Credit card rates “would be immediately frozen under new legislation introduced Monday by Senate Banking Committee Chairman Chris Dodd (D-Conn.),” The Hill reports.
“We worked long and hard to enact the safeguards included in the Credit CARD Act,” Dodd said in a statement. “And no sooner had it been signed into law, but credit card companies were looking for ways to get around the protections this Congress and the American people demanded. This bill would end those abuses and further protect customers today.”
But is the behavior of card issuers an attempt to "get around" Congressionally imposed rules? The Market Ticker (H/T Dad29) has a different take (his emphasis):
- Citibank's credit-card terms change implies a willingness to accept and even provoke a complete and intentional destruction of their credit card business as a very high probability outcome, given that nobody in their right mind will accept a 30% interest rate who has an alternative. The obvious implication is that only those who can't transfer balances out will remain and if your credit is that impaired there's a good chance you will default - either intentionally or otherwise. This too implies foreknowledge of a near-complete impending freeze in the credit markets.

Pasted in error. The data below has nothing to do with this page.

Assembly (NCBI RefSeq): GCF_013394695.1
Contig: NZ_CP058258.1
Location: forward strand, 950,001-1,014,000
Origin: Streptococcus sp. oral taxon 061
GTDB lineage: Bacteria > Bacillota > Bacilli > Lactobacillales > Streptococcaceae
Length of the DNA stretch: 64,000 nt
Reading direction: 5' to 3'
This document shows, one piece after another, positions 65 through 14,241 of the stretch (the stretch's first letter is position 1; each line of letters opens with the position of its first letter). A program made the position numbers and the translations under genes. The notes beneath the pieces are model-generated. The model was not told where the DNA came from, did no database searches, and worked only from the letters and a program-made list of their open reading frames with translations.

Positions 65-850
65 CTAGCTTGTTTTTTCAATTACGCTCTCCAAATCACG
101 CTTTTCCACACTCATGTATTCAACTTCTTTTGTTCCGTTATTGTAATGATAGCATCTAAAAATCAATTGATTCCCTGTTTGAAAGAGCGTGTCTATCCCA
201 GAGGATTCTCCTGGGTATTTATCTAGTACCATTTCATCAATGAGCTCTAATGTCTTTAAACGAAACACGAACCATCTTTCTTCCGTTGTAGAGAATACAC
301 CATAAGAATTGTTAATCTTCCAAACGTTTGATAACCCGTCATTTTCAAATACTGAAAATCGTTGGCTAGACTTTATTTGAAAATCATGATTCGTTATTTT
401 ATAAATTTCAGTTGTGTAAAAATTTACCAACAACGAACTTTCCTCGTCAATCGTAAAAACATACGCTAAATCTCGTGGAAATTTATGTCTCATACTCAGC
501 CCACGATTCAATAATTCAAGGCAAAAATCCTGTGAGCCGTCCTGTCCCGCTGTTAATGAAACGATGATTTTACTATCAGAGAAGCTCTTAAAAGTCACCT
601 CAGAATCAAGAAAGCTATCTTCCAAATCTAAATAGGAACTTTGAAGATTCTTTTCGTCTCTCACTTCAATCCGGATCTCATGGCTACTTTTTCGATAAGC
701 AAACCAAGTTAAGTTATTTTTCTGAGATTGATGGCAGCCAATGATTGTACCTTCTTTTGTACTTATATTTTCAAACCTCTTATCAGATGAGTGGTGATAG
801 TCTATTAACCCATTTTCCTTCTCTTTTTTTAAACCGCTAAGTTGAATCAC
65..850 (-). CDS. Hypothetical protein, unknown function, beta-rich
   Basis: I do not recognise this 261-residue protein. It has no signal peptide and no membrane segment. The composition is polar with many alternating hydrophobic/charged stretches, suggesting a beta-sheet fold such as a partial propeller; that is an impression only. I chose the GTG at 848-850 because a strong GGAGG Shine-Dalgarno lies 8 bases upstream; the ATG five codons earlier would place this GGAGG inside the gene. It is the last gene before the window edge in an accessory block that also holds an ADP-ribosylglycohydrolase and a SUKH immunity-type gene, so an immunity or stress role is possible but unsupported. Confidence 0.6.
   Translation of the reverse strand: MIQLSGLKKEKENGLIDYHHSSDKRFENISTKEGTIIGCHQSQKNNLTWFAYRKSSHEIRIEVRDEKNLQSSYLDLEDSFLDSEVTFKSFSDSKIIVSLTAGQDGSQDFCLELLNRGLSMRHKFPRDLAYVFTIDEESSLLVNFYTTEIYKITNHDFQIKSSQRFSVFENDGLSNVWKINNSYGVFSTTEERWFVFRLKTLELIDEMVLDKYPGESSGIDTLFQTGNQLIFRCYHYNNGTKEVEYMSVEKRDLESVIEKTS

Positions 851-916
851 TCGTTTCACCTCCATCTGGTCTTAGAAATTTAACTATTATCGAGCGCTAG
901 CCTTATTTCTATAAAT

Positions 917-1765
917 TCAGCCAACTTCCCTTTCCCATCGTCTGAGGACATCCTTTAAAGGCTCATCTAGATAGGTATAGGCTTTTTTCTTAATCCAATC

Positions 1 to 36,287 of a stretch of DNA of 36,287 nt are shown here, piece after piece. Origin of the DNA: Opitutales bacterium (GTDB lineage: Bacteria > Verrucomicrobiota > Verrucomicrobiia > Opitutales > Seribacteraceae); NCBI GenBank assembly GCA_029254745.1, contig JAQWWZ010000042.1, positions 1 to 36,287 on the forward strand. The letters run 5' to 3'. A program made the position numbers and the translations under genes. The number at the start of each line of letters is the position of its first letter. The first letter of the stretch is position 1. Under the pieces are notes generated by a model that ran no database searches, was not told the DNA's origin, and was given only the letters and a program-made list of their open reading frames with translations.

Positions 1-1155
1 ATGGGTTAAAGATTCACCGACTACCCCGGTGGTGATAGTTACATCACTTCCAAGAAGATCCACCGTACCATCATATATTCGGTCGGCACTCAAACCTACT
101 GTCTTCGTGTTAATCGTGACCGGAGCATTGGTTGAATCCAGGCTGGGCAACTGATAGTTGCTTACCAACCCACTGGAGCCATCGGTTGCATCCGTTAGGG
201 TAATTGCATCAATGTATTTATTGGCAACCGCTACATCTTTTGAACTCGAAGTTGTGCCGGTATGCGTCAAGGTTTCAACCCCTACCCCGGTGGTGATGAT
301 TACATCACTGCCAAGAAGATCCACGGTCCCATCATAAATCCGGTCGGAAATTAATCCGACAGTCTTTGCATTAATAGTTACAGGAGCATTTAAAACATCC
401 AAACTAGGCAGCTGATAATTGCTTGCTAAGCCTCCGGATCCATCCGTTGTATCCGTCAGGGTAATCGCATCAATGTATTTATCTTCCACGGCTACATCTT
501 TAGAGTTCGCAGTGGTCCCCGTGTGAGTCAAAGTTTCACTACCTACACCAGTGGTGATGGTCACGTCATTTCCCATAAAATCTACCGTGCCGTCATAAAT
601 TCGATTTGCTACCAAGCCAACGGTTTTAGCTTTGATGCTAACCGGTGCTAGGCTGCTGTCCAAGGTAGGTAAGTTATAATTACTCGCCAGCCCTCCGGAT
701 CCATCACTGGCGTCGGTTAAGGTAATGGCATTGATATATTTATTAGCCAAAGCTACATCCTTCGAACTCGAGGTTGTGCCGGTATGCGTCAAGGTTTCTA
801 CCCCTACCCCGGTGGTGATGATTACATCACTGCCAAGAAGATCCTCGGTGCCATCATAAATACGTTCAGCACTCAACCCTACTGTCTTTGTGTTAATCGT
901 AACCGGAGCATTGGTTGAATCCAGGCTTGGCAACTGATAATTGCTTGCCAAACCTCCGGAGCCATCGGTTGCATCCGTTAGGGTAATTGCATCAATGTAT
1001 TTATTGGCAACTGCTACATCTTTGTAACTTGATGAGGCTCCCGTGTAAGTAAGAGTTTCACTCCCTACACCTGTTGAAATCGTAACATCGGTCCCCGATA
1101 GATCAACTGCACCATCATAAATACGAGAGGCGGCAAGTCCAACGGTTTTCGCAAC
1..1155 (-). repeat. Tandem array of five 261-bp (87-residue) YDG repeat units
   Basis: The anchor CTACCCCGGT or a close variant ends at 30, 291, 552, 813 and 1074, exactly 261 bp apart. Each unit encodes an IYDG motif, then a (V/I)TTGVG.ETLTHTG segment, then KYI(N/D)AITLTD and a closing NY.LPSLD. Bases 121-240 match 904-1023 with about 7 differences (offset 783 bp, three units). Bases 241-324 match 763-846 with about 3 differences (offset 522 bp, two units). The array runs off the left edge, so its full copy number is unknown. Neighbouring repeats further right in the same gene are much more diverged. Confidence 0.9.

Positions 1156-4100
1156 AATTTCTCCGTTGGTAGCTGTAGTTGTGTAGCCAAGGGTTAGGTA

- The change in terms on credit accounts is NOT confined to Citibank. I have received a fax from a customer of Infibank with substantially identical terms, in which both the standard and penalty rate was adjusted to 29.99%. This strongly implies that whatever Citibank smells the problem is not confined to them.